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Students at Salinas Elementary in Donna are learning how to become responsible, productive and successful citizens in their community, thanks to their Minitropolis Program.

The program, which is celebrating its third anniversary, mirrors a fully functional real-life community where the students are in charge. The mini-city is called Salinasville. This year, the school added a component to the program – a Job Fair.

The Job Fair consisted of 17 businesses. Some of the companies represented were Walmart, HEB, Peter Piper Pizza and International Bank of Commerce. Others were governmental entities like the Department of Treasury and U.S. Postal Service. Specific careers were also promoted including librarians, nurses and peace officers. Booths were set up at the school’s cafeteria to give students an opportunity to visit them and learn about the jobs being offered.

“The idea was to expose the students to the different businesses and have them hear what they’re about from the former student employees who held positions in those companies the previous year,” Salinas Elementary Principal San Juanita Franco said. “The jobs are catered to the different grade levels ranging from PK-5. While the younger students may not be able to apply to some of them, they are looking forward to working at HEB when they get to fourth grade and IBC Bank when they reach fifth grade. They are very excited.”

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Students will be given an opportunity to apply for positions of their liking and be called in for interviews. In October, they will receive a letter notifying them if they were selected for employment. Those hired will undergo a series of training from real employees of the company so they can learn their responsibilities.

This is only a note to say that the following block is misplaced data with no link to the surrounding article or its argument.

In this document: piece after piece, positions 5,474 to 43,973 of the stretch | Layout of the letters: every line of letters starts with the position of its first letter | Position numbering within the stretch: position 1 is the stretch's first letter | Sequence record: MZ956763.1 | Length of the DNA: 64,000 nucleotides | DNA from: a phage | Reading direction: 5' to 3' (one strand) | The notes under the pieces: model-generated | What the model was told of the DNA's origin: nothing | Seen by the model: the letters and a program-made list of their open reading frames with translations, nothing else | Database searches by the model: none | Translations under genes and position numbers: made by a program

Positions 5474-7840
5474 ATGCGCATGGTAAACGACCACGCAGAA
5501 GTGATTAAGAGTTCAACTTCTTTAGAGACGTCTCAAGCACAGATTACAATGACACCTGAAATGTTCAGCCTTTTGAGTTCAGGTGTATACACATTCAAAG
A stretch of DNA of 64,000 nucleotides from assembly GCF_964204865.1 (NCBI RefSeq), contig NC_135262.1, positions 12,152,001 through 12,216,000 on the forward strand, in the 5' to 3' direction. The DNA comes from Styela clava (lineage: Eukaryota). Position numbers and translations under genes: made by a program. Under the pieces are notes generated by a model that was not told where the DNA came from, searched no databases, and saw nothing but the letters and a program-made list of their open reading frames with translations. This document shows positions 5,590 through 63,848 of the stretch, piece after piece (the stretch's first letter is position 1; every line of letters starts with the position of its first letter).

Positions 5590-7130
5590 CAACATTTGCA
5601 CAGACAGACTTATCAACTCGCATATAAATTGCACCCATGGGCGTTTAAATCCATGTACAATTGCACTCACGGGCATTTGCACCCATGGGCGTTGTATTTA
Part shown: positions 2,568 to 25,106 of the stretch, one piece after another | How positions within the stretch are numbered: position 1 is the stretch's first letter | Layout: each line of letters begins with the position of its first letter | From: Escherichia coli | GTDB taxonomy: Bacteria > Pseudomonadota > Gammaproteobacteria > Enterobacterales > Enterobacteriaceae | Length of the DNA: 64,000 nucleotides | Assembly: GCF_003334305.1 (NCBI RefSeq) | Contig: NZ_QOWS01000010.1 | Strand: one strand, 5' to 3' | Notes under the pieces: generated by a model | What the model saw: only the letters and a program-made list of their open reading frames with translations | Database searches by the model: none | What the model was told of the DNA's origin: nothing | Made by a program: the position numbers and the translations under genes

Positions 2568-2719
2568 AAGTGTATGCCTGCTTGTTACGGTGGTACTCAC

“When the students apply for a job, they are given expectations,” Franco said. “We tell them that they have to be model citizens. They have to come to school every day, behave and get good grades. That gets them motivated and they want to apply for a good job like a manager. It’s powerful in a sense that it’s a win-win for both our students and our school.”

Franco said the businesses selected to take part in the program work closely with the school to help make Salinasville a success. “We partner with these businesses and they in turn provide uniforms and training for the students,” Franco said. “They also give us donations like cookies, chips and party favors to stock in our stores. The students are then able to buy the items with Salinasville Sailor Bucks they earned while working in the positions they were hired.”

On Nov. 3, Salinasville will open its doors for business every Friday at the end of the school day. “The whole idea about Salinasville is to expose students to the different careers,” Franco said. “But, it also strengthens their communication skills and builds their self-esteem. They learn how to talk in front of audiences and hold a job. These real-life experiences will help them in the future when they go out to explore the different job opportunities.”

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Franco said the school initially sought out to implement the Minitropolis Program because the campus was losing students to charter schools. Now, the school uses the Salinasville concept to keep and recruit students. “A parent told me she was planning on moving but the children didn’t want to leave because the school they were going to didn’t have a mini-city,” Franco said. “The experience that the children went through made a difference for that parent. So, the parent decided to stay.”

Fifth grade students Yazlin Muro and Audrey Segovia are proud to be a part of Salinasville. “I love it,” Muro said. “It’s helping me decide what I want to do when I grow up and with my personal life.”

“It’s fun for me to work as a nurse and get a head start in what I want to do as a career,” Segovia said. “I love helping people.”

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